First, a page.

higher, the protons (H+) that were combined with hemoglobin quickly bind to bicarbonate (HCO3-) to form CO2; the CO2 is then exhaled
Metabolic pathways that use energy from ATP to build compounds are referred to as _____ pathways.
To form acetyl-CoA from glucose, the glucose must first be split in half by a pathway in the cell cytosol called _____.
To form acetyl-CoA from fatty acids, the carbon chains that make up fatty acids are broken into two-carbon units by a pathway in the mitochondria called _____.
_____ _____ generates the majority of all ATP in most cells and is the culminating process of cellular respiration.
_____ are single carbohydrate monomers, often referred to as sugars. They consist of three to six carbons and are classified by the number of carbons they possess.
_____ are carbohydrates made of two monosaccharides bonded together. These small polymers also have names that end in -ose.
_____ are long, often very complex carbohydrates. They can consist of tens, hundreds, or thousands of individual sugar molecules and have several different uses.
_____ is the addition of a phosphate group to a molecule, most often from ATP.
The final products of glycolysis are two molecules of _____.
In human cells, glycolysis takes place in the cytoplasm. The products of the glycolysis will enter the _________________ to continue with aerobic respiration.
Aerobic respiration requires oxygen. Oxygen has a role in which of the following pathways:
b. Electron transport chain–correct
d. Citric acid cycle
During periods of strenuous exercise the muscle cells can become anaerobic. Without oxygen, the electron transport chain cannot continue and the citric acid cycle slows down. In such situations, how do cells make ATP?
a. There is no requirement for ATP in the muscles.
b. Pyruvate remains untransformed.
c. Pyruvate is transformed to lactate.-correct
d. Pyruvate produces acetyl Co-A and enters the citric acid cycle.
The citric acid cycle could be inhibited by high concentrations of _____ due to feedback inhibition.
In an exercising muscle cell under anaerobic conditions, _____ from glycolysis is turned into _____ in order to regenerate _____ for further rounds of glycolysis, which produces ___ ATP per round for the muscle cell to use. The Cori cycle allows _____ to be turned into _____ via gluconeogenesis in the liver at the expense of ___ ATP. This means that, overall, the Cori cycle creates a deficit of ___ ATP.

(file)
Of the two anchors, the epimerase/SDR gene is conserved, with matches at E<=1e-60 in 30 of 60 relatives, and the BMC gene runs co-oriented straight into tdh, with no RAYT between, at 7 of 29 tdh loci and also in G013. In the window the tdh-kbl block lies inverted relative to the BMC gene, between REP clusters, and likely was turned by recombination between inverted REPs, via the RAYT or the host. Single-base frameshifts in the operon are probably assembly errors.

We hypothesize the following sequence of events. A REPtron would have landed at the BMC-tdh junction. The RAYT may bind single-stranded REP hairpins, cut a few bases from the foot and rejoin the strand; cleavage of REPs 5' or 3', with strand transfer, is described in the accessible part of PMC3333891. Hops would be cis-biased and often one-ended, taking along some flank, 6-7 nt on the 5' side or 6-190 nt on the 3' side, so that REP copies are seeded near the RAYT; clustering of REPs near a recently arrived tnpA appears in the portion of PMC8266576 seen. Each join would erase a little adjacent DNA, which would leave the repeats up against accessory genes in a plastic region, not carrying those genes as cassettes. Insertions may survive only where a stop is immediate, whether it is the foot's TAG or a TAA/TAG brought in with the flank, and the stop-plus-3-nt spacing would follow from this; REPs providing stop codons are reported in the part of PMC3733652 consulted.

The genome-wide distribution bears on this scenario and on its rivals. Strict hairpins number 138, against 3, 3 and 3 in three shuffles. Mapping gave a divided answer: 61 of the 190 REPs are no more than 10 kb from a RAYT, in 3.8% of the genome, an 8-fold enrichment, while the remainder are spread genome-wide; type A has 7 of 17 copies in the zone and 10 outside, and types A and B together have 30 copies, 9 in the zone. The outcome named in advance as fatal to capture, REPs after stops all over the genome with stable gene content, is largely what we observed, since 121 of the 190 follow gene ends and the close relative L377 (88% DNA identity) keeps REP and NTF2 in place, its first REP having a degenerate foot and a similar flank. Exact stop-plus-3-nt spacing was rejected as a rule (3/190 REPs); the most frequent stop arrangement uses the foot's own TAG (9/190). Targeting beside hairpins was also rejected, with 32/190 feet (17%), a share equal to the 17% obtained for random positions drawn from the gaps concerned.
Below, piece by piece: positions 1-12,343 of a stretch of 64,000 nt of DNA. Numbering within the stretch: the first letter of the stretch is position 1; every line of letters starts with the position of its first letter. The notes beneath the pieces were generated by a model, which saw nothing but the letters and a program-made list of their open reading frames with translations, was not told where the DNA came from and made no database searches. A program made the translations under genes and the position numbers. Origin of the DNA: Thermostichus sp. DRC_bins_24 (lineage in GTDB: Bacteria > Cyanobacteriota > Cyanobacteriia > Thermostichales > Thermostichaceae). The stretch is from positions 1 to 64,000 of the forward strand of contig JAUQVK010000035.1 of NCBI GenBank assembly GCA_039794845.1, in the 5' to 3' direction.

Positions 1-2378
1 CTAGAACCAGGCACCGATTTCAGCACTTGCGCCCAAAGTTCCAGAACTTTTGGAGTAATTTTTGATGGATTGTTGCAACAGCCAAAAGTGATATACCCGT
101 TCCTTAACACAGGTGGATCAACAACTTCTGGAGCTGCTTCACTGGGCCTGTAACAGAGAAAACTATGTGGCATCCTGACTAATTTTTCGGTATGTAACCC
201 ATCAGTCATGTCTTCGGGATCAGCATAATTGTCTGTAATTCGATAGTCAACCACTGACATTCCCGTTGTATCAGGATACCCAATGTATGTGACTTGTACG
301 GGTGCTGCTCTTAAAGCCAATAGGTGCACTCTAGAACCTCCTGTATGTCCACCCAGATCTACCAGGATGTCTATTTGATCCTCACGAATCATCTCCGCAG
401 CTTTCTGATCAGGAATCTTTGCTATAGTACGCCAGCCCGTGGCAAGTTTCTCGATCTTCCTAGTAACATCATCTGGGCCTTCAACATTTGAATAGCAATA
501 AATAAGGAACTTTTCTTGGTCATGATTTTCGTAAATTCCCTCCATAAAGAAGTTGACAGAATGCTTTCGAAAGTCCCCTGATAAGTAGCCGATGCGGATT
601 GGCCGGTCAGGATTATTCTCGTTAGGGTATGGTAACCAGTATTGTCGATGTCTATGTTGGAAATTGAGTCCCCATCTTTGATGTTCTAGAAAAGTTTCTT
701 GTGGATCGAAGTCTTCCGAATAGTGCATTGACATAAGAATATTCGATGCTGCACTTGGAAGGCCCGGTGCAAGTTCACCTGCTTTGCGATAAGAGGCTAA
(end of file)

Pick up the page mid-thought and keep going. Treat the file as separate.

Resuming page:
pyruvate, lactate, NAD+, 2, lactate, glucose, 6, 4
Carbohydrate loading is a common practice among endurance athletes. Often, three days before a big endurance event, they are known to eat large amounts of complex carbohydrates which leads to the storage of glycogen in their muscles. The stored glycogen increases their endurance by providing a steady supply of glucose during the event by the process of _______________.
Insulin controls both carbohydrate and fat metabolism. Which of the following statements describes the effects of insulin?
a. Stimulates fatty acid production and storage
b. Stimulates the glucose uptake
c. Inhibits the glycogen breakdown
d. All of these – correct
The pancreas can regulate and maintain glucose homeostasis by secreting different hormones in response to varying blood glucose levels. The pancreas secretes insulin in response to high blood glucose levels, whereas ______________ is secreted in response to ________________ glucose levels.
While treatment with Metformin is beneficial for many individuals with type 2 diabetes, it does increase the risk of lactic acidosis (accumulation of lactate in the blood that results in lower blood pH) in those who take it. What effect of metformin directly contributes to this potential risk?
Decreased gluconeogenesis in the liver
A risk factor associated with the use of metformin in the treatment of diabetes is lactic acidosis. Acidosis is associated with a _____ in blood pH, due to a(n) _____ in the concentration of hydrogen ions (H+). Given this change in blood pH, hemoglobin is more likely to _____ oxygen.
decrease, increase, release
Emma has an A1C level of 7.0% in her blood. A1C is a form of__________________.
The polysaccharide cellulose is composed of sugar monomers linked through ______ linkages, with their CH2OH groups in _________ direction relative to the neighboring monomer.
Glycolysis produces two ATP molecules. Through what process are these ATP molecules made?
substrate level phosphorylation
What product of beta oxidation is able to enter the citric acid cycle?
What process is shared between anaerobic and aerobic Metabolism ?
Which of the following processes does NOT take place in the mitochondria of a cell?
a. Production of FADH2
b. Creation of a proton gradient
c. Production of CO2 in the citric acid cycle
d. Conversion of pyruvate to lactic acid – correct
Which process is stimulated when glucagon is released into the bloodstream?
a. Glycogenolysis – correct
c. Triglyceride synthesis
d. Glucose uptake
Which of the following chemical formulas represents a monosaccharide?